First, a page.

From sweat-sensing wristbands to electrode-embedded workout suits, new innovations in smart clothing are coming thick and fast. Now, Ohio State University researchers have made another big breakthrough, managing to create embroidered circuits using metallic thread that's just 0.1 mm thick. By embedding different patterns, the tech could be used to create everything from a t-shirt that boosts your cellphone signal, to a hat that tracks brain activity.

Embroidery is not likely something that you'd associate with cutting edge technology, but a new breed of functional textiles, known as "e-textiles" are set to challenge that perception. The concept makes use of sewing machines capable of embroidering thread into fabric automatically based on a pattern sent to it from a computer. But rather than traditional thread, fine metal wires are used.

The Ohio State researchers have been working to refine the process for a couple of years, and have made significant progress in that time. At the start of the project, the team was working with silver-coated polymer thread measuring about 0.5 mm (0.02 in) across and made up of 600 fine filaments twisted together.

They've since moved to a much thinner alternative that's only made up of seven filaments, each with a copper center and enameled with pure silver. The new thread is thinner, but thanks to its materials, maintains high conductivity. Because it's so thin, at just 0.1 mm, the resulting fabric feels just the same as if traditional thread had been used, with none of the rigidity you might initially expect.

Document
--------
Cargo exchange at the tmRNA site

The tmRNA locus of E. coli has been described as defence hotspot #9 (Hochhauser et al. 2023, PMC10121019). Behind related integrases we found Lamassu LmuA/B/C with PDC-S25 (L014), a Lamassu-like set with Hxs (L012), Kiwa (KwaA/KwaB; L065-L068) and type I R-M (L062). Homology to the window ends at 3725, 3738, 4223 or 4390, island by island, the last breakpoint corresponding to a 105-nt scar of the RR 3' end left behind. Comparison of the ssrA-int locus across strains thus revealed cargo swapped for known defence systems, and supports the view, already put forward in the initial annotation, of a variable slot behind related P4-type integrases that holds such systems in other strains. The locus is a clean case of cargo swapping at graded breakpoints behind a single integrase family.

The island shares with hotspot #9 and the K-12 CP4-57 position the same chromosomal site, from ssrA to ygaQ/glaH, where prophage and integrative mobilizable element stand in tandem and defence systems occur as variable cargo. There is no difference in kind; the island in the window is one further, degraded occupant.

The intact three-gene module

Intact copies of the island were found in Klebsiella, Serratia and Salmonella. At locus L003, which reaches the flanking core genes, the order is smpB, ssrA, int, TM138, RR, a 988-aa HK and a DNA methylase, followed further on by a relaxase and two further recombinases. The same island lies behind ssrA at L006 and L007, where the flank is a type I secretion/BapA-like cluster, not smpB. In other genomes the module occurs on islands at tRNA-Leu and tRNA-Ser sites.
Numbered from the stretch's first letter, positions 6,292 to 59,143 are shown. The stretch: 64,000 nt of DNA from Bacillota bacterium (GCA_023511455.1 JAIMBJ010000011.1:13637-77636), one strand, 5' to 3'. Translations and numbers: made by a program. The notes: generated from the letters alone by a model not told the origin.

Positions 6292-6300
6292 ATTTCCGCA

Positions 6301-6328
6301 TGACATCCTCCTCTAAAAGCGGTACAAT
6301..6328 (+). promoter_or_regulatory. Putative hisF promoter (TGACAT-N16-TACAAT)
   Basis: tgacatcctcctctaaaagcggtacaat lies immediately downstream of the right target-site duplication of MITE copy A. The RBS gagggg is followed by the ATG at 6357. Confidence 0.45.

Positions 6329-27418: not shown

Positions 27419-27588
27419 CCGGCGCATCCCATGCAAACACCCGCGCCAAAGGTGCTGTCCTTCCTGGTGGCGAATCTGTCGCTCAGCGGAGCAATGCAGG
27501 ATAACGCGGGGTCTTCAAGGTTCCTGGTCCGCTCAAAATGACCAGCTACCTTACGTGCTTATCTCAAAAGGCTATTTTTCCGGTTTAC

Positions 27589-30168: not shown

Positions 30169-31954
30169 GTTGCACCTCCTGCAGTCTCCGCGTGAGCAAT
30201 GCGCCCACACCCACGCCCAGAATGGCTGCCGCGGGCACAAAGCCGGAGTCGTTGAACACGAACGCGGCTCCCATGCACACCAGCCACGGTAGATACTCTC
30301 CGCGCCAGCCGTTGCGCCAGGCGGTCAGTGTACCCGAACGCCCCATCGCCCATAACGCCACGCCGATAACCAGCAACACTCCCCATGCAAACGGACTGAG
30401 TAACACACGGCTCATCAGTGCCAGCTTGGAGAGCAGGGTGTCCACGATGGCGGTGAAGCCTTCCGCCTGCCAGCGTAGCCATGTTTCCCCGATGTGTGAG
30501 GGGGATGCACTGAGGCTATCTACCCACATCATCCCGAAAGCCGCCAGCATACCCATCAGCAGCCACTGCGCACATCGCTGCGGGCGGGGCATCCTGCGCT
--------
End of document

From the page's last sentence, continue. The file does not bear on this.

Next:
So, how does that embedded metal wiring translate to functional use? Well, it's all in the shape. Depending on the pattern that's embroidered, it's possible to create many different useful products. For example, a broadband antenna can be created by embedding numerous interlocking geometric shapes that together form a circular pattern measuring a few inches across. The wiring required to produce that antenna only costs around 30 cents, and the embroidery process reportedly takes just 15 minutes to complete.

The researchers have also used the embroidery technique to embedded an RFID chip in rubber – a part of a project undertaken in partnership with a tire manufacturer.

Looking forward, the team intends to continue its work on smart clothing, and there are plans to license the technology out, meaning that these sci-fi-sounding products might just become a purchasable reality somewhere down the line.

"A revolution is happening in the textile industry," said director of the Ohio State University laboratory John Volakis. "We believe that functional textiles are an enabling technology for communications and sensing – and one day even medical applications like imaging and monitoring."

The research has been published online in the journal IEEE Antennas and Wireless Propagation Letters.

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